What we think of today as Portland covers a broad swath of land on both sides of the Willamette River. In the late 19th century, that same area contained several mostly independent communities, including Albina, St. Johns, Sellwood—and East Portland, a small city on the eastern shore of the river roughly bounded by Division Street to the south, 12th Avenue to the east, and Sullivan’s Gulch to the north. While people had lived in this area for far longer than recorded history, East Portland only existed as an official city for two decades before merging with Portland and Albina in 1891.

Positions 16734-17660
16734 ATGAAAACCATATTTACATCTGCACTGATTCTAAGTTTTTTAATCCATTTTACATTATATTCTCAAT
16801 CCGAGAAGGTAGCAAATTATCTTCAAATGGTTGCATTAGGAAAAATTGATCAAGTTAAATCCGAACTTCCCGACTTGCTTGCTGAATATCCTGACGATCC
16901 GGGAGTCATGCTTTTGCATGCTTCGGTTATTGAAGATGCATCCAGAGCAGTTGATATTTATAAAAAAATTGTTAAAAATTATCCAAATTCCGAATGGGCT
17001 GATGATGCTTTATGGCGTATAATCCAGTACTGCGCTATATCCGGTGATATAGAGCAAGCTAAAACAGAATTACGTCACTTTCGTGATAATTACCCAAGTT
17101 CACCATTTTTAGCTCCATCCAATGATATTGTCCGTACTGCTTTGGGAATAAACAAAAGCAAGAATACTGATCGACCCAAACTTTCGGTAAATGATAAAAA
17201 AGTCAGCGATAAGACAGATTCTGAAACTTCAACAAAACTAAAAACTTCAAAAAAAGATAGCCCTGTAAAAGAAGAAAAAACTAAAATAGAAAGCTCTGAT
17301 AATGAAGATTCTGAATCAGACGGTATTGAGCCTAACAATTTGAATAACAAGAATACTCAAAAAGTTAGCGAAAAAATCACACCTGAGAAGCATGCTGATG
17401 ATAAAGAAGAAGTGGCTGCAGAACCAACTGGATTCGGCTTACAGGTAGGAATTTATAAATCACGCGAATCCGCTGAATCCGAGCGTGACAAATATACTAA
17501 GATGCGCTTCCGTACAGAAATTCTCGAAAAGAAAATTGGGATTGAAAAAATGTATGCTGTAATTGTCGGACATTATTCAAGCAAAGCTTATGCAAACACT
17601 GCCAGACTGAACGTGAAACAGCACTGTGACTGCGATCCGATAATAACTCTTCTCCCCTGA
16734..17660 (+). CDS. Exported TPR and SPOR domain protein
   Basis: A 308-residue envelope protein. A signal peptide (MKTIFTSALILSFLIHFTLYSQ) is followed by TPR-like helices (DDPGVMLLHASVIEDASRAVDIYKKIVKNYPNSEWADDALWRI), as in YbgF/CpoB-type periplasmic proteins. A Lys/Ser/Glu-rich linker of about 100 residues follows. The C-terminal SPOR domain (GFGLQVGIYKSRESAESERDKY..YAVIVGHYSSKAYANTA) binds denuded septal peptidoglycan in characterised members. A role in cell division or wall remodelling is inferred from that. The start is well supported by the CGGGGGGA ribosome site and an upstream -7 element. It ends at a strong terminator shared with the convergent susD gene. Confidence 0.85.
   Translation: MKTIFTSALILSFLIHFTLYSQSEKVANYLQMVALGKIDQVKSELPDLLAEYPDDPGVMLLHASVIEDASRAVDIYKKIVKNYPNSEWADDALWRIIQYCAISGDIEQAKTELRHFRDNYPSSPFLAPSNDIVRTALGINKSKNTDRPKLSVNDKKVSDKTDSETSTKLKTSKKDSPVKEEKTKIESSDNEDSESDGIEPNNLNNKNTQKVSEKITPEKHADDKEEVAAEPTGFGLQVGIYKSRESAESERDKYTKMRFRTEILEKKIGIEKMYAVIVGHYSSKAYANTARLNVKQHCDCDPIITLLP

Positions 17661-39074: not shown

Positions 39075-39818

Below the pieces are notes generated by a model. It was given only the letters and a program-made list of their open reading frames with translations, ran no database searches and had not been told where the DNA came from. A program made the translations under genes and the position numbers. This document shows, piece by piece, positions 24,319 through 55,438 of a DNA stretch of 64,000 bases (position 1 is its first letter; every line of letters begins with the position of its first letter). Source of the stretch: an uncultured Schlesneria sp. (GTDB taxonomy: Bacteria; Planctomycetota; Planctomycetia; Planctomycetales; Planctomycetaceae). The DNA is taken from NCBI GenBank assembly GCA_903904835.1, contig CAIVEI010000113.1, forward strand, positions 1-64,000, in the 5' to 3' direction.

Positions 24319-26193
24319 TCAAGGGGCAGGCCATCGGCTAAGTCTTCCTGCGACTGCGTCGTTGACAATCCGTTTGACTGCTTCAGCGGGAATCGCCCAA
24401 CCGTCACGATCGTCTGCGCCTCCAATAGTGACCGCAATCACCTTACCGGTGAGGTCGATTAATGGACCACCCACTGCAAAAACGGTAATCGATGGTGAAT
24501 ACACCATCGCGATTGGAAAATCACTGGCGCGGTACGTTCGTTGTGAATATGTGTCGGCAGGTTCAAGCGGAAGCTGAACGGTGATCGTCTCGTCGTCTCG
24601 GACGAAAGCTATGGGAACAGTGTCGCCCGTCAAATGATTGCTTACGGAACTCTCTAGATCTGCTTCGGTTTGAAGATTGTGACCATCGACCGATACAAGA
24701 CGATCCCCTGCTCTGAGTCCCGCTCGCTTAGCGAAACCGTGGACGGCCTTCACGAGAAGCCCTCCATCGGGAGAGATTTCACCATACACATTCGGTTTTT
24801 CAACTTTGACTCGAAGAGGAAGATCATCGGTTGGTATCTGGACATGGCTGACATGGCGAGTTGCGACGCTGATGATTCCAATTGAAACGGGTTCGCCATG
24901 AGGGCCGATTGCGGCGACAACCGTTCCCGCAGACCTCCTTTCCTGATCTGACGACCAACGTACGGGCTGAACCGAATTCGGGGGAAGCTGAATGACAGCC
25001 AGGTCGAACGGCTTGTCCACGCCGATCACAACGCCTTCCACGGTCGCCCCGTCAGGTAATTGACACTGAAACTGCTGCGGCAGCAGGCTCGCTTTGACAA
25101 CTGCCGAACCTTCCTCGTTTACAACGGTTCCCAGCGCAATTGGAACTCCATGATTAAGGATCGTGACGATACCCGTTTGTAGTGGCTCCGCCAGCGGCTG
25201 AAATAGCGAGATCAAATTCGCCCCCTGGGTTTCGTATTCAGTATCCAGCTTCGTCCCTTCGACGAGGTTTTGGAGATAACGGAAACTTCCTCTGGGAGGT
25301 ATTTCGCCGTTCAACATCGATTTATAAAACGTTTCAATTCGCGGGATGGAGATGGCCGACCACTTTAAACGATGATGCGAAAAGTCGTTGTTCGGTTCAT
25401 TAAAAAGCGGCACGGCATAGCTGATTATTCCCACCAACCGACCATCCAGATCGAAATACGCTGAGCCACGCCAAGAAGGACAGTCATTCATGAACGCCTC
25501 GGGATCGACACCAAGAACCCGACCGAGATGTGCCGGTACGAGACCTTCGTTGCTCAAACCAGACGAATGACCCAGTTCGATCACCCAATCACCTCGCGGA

The Architectural Heritage Center’s latest exhibition, East Portland: A Changing Landscape, a Forgotten City, focuses on the historic city of East Portland from the 1840s to the 1910s. It explores the people who lived there, the impact of the arrival of the railroad and industry, and the changing landscape that in the course of only a few decades turned a flood zone into a thriving city.
The exhibit runs through April 25, 2020.